Published by Mantle
Publication date – 24 January 2019
Source – review copy
June, 1781. An unidentified body hangs upon a hook at Deptford Dock – horribly tortured and branded with a slaver’s mark.
Some days later, Captain Harry Corsham – a war hero embarking upon a promising parliamentary career – is visited by the sister of an old friend. Her brother, passionate abolitionist Tad Archer, had been about to expose a secret that he believed could cause irreparable damage to the British slaving industry. He’d said people were trying to kill him, and now he is missing . . .
To discover what happened to Tad, Harry is forced to pick up the threads of his friend’s investigation, delving into the heart of the conspiracy Tad had unearthed. His investigation will threaten his political prospects, his family’s happiness, and force a reckoning with his past, risking the revelation of secrets that have the power to destroy him.
And that is only if he can survive the mortal dangers awaiting him in Deptford . . .
Harry Corsham is approached by the sister of his oldest friend. Tad Archer, vocal abolitionist, has disappeared and his sister, disgraced in society, wants Harry’s help. Harry soon discovers Tad murdered. It appeared that Tad had discovered a secret so explosive it could cause irreparable damage to the slave industry. A secret someone was willing to kill for.
As soon as I started reading I was transported back in time. I could easily envisage the scenes that were set out in the narrative, hear the shouts and sounds of London and Deptford, imagine the cacophony of noise and the clash of smells that would assault the senses.
The writing is assured, taut and in places so gripping I didn’t want to put it down. The reader is soon pulled into the maelstrom of 18th Century London and the dangers Harry faces in the course of his investigation. The characters are all well-drawn, the descriptions of them easily painting images of them in the reader’s mind. From Jamaica Mary, prostitute, who lives in a shack, to Lucias Stokes’ mayoral home, the extremes of society were expertly portrayed. As I read I could envisage the story being adapted for television.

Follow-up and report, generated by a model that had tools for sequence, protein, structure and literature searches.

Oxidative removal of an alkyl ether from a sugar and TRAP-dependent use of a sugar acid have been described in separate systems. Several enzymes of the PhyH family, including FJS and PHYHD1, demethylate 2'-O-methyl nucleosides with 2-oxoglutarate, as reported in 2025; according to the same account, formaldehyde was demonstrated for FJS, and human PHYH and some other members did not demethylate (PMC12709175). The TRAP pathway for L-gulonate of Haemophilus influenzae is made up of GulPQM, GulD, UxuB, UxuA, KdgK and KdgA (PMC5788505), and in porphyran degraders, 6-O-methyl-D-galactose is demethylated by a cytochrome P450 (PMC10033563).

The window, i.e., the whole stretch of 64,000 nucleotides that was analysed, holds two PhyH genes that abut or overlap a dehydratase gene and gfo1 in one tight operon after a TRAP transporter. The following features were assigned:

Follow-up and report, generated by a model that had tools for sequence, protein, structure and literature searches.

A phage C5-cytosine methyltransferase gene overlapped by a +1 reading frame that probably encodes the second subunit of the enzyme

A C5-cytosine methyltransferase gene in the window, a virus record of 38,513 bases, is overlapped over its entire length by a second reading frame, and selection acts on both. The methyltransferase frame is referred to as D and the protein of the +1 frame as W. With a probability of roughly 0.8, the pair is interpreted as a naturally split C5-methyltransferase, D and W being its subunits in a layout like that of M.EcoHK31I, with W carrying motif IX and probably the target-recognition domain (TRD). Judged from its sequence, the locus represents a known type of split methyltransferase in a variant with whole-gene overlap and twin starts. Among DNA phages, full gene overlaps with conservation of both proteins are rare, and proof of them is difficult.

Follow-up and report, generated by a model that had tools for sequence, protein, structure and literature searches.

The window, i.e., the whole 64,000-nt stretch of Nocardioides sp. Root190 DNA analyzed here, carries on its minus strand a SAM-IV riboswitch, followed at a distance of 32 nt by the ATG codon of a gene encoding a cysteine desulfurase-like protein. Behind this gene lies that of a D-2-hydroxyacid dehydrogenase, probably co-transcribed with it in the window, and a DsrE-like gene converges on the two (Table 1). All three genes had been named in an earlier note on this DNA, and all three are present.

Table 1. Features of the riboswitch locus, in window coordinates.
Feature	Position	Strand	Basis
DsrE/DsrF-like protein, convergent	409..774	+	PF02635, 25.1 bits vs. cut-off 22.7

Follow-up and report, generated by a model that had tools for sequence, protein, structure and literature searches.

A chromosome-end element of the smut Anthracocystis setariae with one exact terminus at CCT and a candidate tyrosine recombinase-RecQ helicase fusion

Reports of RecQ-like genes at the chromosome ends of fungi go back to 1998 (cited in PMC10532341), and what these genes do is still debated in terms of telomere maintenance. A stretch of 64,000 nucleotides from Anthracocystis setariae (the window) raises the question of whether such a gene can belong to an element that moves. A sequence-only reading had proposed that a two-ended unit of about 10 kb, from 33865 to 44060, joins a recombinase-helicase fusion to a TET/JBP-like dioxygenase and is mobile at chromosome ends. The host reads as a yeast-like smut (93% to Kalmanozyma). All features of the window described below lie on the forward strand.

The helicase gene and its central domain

The mystery itself was engaging. There are a whole host of people who paint a tableau of the melting pot society was at that time. Each one of them have their own secrets to hide, thwarting Harry in his attempts to find out who killed Tad. He is, also at times, his own worst enemy, seemingly on a path that could lead to his ruin, so determined is he to find out the truth. However that path will also surprisingly lead him closer to his wife, Caroline.
The novel is set in a time of slavery. The blatant racism and horror of that time is obviously shown in the novel. Read with 21st Century eyes, the injustices of the time quite rightly make the reader uncomfortable.
Blood and Sugar puts Laura Shepherd-Robinson well on the road to becoming a well-loved historical crime fiction author. I for one can’t wait to see what she writes next.
About the author
Laura Shepherd-Robinson was born in Bristol in 1976. She has a BSc in Politics from the University of Bristol and an MSc in Political Theory from the London School of Economics. Laura worked in politics for nearly twenty years before re-entering normal life to complete an MA in Creative Writing at City University. She lives in London with her husband, Adrian. Blood & Sugar is her first novel.